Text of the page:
Then there’s the Louisville Slugger Museum and Factory website, which further complicates matters. According to the “Silver Slugger Team” section, the award is said to be “decided by coaches and managers who vote for the players they’d most like to have on their team — based solely on their performance at the plate.” The explanation continues: “The coaches and managers consider a combination of offensive stats for the season along with their personal impressions of a player’s overall effectiveness wielding a bat.”

The use of the phrases “performance at the plate” and “wielding a bat” certainly implies the award doesn’t take baserunning into account. Indeed, these terms seem to be carefully chosen to differentiate between hitting and offense. This is the strongest evidence that baserunning isn’t among the criteria for the Silver Slugger after all.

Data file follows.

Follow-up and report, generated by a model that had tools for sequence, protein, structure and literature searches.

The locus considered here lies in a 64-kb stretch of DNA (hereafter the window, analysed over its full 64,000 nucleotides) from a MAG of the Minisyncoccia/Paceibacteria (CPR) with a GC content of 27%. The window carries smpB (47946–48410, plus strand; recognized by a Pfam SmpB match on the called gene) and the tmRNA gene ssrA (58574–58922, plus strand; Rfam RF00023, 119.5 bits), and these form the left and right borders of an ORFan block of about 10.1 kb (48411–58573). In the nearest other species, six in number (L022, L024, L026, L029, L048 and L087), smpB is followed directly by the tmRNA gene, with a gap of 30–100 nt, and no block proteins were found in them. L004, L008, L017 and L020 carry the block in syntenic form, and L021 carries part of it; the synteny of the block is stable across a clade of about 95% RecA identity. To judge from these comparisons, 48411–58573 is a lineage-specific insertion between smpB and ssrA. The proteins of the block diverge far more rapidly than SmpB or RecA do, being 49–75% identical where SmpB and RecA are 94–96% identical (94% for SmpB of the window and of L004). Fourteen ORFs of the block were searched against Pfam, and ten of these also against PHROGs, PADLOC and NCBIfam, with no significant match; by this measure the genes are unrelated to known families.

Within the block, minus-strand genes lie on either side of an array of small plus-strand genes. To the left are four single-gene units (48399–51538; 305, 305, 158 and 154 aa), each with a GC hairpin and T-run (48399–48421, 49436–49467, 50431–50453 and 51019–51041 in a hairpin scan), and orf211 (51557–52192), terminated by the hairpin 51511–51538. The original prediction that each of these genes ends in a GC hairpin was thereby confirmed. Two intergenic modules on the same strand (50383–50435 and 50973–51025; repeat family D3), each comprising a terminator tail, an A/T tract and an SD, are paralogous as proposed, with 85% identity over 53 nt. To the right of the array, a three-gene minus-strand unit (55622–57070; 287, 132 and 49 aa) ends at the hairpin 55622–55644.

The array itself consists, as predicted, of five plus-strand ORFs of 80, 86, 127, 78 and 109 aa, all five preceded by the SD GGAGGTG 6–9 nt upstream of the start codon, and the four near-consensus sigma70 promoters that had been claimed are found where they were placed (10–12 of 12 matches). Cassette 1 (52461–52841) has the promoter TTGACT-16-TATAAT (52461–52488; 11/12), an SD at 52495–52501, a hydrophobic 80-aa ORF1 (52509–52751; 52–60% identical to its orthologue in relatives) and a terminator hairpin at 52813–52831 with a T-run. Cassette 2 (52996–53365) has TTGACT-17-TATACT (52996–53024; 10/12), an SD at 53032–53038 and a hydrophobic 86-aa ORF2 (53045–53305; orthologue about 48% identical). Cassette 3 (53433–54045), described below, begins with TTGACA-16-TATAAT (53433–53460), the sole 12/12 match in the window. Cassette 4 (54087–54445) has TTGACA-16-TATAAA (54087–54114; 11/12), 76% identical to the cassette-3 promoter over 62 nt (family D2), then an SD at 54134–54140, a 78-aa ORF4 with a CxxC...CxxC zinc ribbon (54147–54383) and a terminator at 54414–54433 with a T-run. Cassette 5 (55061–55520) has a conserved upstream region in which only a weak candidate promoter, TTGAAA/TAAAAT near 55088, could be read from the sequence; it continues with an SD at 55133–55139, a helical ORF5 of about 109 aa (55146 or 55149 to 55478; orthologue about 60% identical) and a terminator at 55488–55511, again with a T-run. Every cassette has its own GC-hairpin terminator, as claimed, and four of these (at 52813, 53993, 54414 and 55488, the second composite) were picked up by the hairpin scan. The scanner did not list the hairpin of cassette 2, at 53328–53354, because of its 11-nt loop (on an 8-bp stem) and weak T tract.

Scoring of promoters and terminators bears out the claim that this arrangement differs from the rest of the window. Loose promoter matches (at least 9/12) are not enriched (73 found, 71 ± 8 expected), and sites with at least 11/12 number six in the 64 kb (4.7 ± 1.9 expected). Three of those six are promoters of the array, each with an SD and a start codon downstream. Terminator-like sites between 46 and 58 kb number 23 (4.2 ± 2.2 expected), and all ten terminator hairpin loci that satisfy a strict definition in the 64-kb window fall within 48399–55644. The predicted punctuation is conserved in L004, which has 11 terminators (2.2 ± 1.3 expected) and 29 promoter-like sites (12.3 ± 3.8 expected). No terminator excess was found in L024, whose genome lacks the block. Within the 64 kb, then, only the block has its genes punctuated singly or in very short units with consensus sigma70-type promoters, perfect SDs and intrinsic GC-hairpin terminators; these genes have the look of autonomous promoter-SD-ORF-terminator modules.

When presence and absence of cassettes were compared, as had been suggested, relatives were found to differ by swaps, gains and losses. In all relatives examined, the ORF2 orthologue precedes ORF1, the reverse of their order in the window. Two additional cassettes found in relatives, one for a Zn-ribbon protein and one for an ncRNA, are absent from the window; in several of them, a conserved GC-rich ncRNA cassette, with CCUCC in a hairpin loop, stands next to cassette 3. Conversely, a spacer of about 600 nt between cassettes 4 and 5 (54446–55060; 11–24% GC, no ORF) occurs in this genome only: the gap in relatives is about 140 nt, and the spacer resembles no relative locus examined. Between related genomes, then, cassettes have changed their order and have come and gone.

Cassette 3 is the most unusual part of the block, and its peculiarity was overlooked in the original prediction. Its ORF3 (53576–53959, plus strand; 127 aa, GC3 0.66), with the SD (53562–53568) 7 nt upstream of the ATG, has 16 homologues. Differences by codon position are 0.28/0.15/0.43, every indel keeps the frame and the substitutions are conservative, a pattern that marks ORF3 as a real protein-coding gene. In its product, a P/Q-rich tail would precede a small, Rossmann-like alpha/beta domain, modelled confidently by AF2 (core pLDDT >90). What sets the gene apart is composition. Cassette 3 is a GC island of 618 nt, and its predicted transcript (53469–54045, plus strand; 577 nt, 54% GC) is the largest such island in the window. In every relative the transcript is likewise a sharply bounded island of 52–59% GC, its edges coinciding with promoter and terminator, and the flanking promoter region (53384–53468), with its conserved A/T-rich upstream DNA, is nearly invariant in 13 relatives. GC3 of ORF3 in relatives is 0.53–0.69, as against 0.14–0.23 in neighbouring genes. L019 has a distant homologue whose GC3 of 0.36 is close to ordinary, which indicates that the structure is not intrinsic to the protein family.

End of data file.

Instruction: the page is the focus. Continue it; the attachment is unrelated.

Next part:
Yet if that’s the case, it’s a little odd that Louisville Slugger or Major League Baseball wouldn’t just come out and say it. For whatever reason, it’s as if the criteria are intentionally a little unclear. That means there’s nothing stopping voters from considering each candidate’s baserunning ability, but nothing encouraging them to do so either.

Should Silver Slugger Voters Consider Baserunning?

If the voting guidelines are deliberately ambiguous, it is up to each individual voter to make their own decision. And as long as there’s no rule or instruction precluding voters from considering baserunning, I don’t see how they can choose to ignore it. For one thing, running is a major part of the game and deserves to be treated as such. There are awards for hitting, pitching, and defense; why should baserunning be left out?